I only ever talk about running all day, every day 24/7, 365…just kidding. You kind of believed me, though, didn’t you? But let’s get real, have you ever noticed the phenomenon amongst runners that when you’re not running, all talk is about running? And when you are running, all you want to talk about is, well, anything but running? If you haven’t noticed this before, and I just blew your dang mind, you’re welcome. But if you know what I’m talking about, you know this is one aspect of running that makes the sport so special.
When I first started hanging out in the running community in NYC, I went to a meet-up at a bar with the new team I had joined. I dressed up, put make-up on (a big deal for me), and was so pumped to learn all about these new people in my life. I got to the bar, grabbed a drink, and sidled up to some of the ladies on the team.
Now, I am a steady back-of-the-pack runner, and I am used to being dropped pretty much within the first five minutes of any workout. When my running friends run with me now, it is usually because they have already gotten their run in and are doing me a favor. I am 100% okay with the favor, and my friends have never made me feel less than because I cannot return it.
Back to the bar and the new ladies, I have pretty much only gotten to know the back of their heads as we trained together; I was ready to dive in. I wanted it all, their hopes, dreams, wishes, fears. I was looking for some real, lasting new friendships. When I got to the table, my heart sank. They were all discussing training for the upcoming marathon season. I was perplexed, here we all were in our “real” clothes, and we’re only going to talk about running?? This was not in my plan, not one bit. As I sat there and took large gulps of my too expensive drink, I wondered what I would have to add. I had not yet run a marathon, and at the time, I had no desire to do so. So, I sat quietly, gulping, until finally, I exclaimed, “CAN WE TALK ABOUT SOMETHING OTHER THAN RUNNING?” Uh, big mistake. Apparently, we can’t. They paused, stared at me like an alien had just burst out of my chest holding my beating heart while I stared back, wide-eyed, silently cursing myself for suggesting such a thing. After a beat, they went right back to discussing marathon training and pretty much ignored me for the rest of the night. Let’s just say I’m not friends with those ladies. And I had a lot to learn.
Since that night at the bar, I tried to join a few teams but stuck with none of them because I was usually running alone at practices, and when we weren’t running, which was the only time I could talk to people, well, we were talking about running. So, I pretty much got to know...no one.
Fast forward a few years. I have since run a marathon thanks to a guy named Ryan Starbuck, who promised me that I could eat whatever amount of candy I wanted if I signed up. I liked the sound of this. The truth is, you can’t eat all the candy you wish to, especially before a long run, but I ran the darn race anyway. Now I have a fantastic group of running friends, and they taught me what I had been missing: save the good stuff for the run.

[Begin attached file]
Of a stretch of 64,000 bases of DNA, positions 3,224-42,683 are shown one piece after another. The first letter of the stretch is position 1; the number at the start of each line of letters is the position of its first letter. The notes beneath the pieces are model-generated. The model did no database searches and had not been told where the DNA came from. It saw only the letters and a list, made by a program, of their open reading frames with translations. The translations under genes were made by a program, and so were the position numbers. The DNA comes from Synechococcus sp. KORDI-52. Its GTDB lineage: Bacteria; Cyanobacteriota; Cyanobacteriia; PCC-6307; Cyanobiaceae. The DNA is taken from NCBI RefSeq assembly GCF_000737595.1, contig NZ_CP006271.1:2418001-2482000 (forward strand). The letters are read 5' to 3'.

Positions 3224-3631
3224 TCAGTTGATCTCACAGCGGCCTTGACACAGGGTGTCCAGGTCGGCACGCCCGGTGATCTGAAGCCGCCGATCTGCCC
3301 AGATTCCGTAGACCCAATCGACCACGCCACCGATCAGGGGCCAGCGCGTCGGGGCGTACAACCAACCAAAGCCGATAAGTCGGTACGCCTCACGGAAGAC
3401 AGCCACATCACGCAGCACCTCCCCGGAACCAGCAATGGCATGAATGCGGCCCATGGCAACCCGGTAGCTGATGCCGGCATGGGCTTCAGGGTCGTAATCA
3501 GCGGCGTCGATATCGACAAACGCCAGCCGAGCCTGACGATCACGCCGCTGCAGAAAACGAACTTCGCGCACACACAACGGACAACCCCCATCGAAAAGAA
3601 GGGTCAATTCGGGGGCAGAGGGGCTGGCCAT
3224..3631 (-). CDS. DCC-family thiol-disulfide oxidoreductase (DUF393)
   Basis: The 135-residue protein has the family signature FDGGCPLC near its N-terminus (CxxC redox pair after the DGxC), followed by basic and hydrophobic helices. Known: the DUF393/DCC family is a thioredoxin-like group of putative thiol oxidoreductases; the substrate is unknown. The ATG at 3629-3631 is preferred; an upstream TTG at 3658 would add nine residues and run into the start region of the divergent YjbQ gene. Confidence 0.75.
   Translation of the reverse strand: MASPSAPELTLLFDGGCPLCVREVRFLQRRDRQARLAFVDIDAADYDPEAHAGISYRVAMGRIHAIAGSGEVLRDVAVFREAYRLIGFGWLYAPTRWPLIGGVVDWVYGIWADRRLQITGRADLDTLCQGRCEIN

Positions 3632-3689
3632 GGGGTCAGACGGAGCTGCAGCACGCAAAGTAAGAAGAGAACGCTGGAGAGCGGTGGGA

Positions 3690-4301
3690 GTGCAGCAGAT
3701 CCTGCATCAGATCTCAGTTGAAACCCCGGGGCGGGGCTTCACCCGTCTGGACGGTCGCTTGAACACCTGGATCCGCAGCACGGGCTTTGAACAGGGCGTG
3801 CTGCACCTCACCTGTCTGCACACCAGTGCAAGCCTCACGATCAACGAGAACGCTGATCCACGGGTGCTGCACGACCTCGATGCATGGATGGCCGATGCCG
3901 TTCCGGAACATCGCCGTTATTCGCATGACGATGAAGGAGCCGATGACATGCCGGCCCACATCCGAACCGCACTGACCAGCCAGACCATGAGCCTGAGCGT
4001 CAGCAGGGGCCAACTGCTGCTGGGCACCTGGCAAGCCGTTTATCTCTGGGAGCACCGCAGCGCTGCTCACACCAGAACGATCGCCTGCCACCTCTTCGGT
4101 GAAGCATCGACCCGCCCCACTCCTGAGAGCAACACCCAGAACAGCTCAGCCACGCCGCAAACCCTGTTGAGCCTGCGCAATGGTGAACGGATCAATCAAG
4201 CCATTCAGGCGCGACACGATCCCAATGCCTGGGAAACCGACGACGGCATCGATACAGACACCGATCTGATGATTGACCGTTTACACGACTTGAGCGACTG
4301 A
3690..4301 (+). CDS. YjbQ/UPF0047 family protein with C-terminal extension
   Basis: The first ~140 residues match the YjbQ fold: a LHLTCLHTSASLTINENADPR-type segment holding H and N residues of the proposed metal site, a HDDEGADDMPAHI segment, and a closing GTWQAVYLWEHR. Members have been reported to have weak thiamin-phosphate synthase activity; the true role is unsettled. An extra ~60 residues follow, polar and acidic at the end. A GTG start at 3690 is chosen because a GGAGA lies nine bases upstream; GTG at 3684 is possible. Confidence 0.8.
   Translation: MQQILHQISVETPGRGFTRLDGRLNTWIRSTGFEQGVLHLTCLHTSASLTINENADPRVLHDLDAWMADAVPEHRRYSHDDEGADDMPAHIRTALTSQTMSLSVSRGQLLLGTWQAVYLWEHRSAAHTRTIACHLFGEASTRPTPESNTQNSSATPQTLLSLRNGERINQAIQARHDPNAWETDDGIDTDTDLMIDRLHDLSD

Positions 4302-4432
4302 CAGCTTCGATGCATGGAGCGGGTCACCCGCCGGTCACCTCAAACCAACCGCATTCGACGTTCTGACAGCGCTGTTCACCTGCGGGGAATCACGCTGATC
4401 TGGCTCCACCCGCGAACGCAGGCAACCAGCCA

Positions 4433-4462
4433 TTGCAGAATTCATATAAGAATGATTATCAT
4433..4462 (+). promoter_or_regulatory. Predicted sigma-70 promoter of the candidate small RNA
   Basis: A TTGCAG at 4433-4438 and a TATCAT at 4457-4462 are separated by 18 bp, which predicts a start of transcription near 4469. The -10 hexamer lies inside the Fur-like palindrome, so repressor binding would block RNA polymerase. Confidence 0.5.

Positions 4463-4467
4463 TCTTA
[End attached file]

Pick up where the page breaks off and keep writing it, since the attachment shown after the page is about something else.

There is something magical about running that frees you up to speak openly and be vulnerable. I’m not a scientist, but I’m pretty sure that there is something proven somewhere in some journal that states people feel way more comfortable opening up when they aren’t looking at anyone. Especially if you have your goodrs on, it becomes even easier to open up and be yourself (this is also science).
So, there you are, side by side, connected by activity. The next thing you know, someone you have only just met knows your childhood trauma, what you’re allergic to, who broke your heart, the doctors appointment you had earlier for that weird mole under your armpit, and what you want to name your hypothetical kids even though you haven’t dated anyone in years. Some may call this an overshare, but this, my sweet readers, is how running friends become your best (running) friends.
Running has since become my favorite way to socialize with my friends. It is even better if it ends with a glass of wine. And when the pandemic tried to complicate that, I packed to-go cocktails in my run pack for after the run, but I digress.
I’ve gotten to the point in many of my running friendships where I wait until I’m on the run with them to catch up. IMHO, it’s the best way to share the good, the bad, and the ugly. So, next time you have the urge to call a running friend to catch up, maybe suggest going for a run. That way, you can do what you love with the people you love while also venting about your crazy manager, your mother-in-law, and your neighbor who plays EDM music every night...at 2am because that’s the good stuff.
MEET YOUR BEST RUNNING FRIEND:
Chloe is a runner, writer, and actor from The Windy City. She has a BA with honors in Theater and Chinese from the College of William and Mary, and an MFA in Acting (feeling her feelings at a pro-level!) from the New School for Drama. When she wasn’t memorizing lines, you could find her running along the west side highway or in Central Park in NYC. Chloe is currently a member of the sketch comedy house team, Option 7, at The PIT. Chloe and her writing have been featured on Comedy Central, Amazon Prime, Funny or Die, and College Humor. She still thinks running her first marathon was like Christmas Day, but better. Learn more about her acting and writing at www.chloeelizabethlewis.com and follow her running jokes and escapades on Instagram @yourbestrunningfriend.